Pritzker’s signature climate law has seen slow progress on clean energy, green jobs promises
Two years ago, Illinois legislators passed a law that made big promises to fight climate change.
It would reduce air pollution by phasing out electricity created by burning fossil fuels and lead to the creation of thousands of new jobs in clean energy industries, especially for Black and Latino residents, who often bear the brunt of pollution because of their proximity to coal-and gas-burning power plants.
So far, though, only limited progress has been made toward reaching those goals.
On energy, the aim by 2025 is to have Illinois homes and businesses reduce their dependence on fossil fuels. Renewable energy sources, such as solar and wind, are supposed to account for one-quarter of all power, the law says.
Today, renewable sources make up only 10.5% of power. That includes not only current projects but also others planned with promises they will soon come online.
On the promised new “equitable” jobs in clean energy industries, the state has yet to train or help place even one worker, though training programs are being set up to be in place by next year.
The Climate and Equitable Jobs Act, signed by Gov. J.B. Pritzker amid fanfare on Chicago’s lakefront, set a timeline for phasing out fossil-fuel energy sources, setting a deadline of shutting them down by 2050, with a sped-up timeline for communities most affected by pollution.
A lag in training and other workforce programs, though, has fueled a backup that operators of solar and other renewable energy businesses say is delaying their projects.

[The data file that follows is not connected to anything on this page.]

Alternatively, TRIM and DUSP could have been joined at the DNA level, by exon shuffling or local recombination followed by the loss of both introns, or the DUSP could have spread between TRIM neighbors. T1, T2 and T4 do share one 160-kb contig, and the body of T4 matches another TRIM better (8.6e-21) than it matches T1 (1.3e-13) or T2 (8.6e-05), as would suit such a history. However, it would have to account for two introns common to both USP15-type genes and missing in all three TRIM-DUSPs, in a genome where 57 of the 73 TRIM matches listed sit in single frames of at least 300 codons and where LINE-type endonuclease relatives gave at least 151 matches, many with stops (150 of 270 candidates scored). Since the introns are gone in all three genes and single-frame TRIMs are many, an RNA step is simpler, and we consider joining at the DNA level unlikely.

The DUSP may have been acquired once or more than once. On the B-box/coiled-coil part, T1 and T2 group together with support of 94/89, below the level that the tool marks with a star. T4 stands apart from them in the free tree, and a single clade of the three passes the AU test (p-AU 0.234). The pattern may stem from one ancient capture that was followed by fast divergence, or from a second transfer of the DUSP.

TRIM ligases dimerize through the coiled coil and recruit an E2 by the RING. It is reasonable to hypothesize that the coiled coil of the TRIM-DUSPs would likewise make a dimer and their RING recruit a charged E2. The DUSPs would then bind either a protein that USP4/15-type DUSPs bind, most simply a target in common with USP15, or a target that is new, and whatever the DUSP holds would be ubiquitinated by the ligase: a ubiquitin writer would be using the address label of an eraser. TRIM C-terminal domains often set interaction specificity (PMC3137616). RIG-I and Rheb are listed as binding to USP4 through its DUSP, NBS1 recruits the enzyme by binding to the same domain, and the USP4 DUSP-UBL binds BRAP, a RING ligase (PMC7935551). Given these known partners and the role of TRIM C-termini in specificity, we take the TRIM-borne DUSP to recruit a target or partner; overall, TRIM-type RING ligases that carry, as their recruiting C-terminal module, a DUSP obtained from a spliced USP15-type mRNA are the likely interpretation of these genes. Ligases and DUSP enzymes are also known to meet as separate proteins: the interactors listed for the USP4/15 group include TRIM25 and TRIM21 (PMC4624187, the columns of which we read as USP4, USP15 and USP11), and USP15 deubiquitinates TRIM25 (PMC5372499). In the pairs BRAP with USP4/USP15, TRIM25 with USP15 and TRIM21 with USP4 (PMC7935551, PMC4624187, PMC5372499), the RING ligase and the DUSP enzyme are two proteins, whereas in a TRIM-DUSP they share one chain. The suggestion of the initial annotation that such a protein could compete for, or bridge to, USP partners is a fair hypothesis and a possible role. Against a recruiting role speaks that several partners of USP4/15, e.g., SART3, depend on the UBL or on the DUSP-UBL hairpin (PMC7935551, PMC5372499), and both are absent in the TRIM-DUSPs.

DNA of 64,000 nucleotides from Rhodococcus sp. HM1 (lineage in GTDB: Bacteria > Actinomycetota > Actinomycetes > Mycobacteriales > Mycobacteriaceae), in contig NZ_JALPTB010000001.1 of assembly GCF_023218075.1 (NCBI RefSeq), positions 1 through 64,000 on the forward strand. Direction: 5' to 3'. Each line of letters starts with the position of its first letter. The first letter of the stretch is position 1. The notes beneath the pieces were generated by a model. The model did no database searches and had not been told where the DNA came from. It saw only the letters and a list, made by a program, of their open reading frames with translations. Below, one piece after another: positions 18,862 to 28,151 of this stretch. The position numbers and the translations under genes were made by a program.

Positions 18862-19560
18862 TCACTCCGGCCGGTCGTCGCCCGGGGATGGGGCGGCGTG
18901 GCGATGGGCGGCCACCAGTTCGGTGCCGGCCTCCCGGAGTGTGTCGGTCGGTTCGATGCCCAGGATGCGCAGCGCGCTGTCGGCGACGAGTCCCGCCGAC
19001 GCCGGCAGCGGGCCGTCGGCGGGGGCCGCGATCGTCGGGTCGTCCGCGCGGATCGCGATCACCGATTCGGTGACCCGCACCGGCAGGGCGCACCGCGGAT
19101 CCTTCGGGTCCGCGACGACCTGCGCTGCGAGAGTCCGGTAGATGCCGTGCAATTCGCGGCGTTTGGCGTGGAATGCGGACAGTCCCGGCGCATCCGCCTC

One big reason: Renewable energy companies have diversity requirements under the law and are expected to hire from the state-sponsored workforce programs — which aren’t yet in place.
“The slow rollout of job-training programs has led to some growing pains,” says Lesley McCain, executive director of Illinois Solar Energy and Storage Association. “While these programs require significant time and resources to launch, these vital programs are not yet producing the results the bill was intended to help. We’re hopeful that these programs will come online soon.”
Contractors, advocates and others called out Pritzker late last year for dragging his feet on workforce development.
Pritzker administration officials say they need to take time to set up the job-training efforts “to ensure the programs are designed in a manner that benefits target populations.” Officials say all of the programs are expected to be in place by next year.
Officials with Pritzker’s Department of Commerce and Economic Opportunity say the law “supports an equitable economic transition,” in part through training.
“Creating clean energy jobs is an overarching, long-term goal of [the law], but it’s not a direct function,” they say.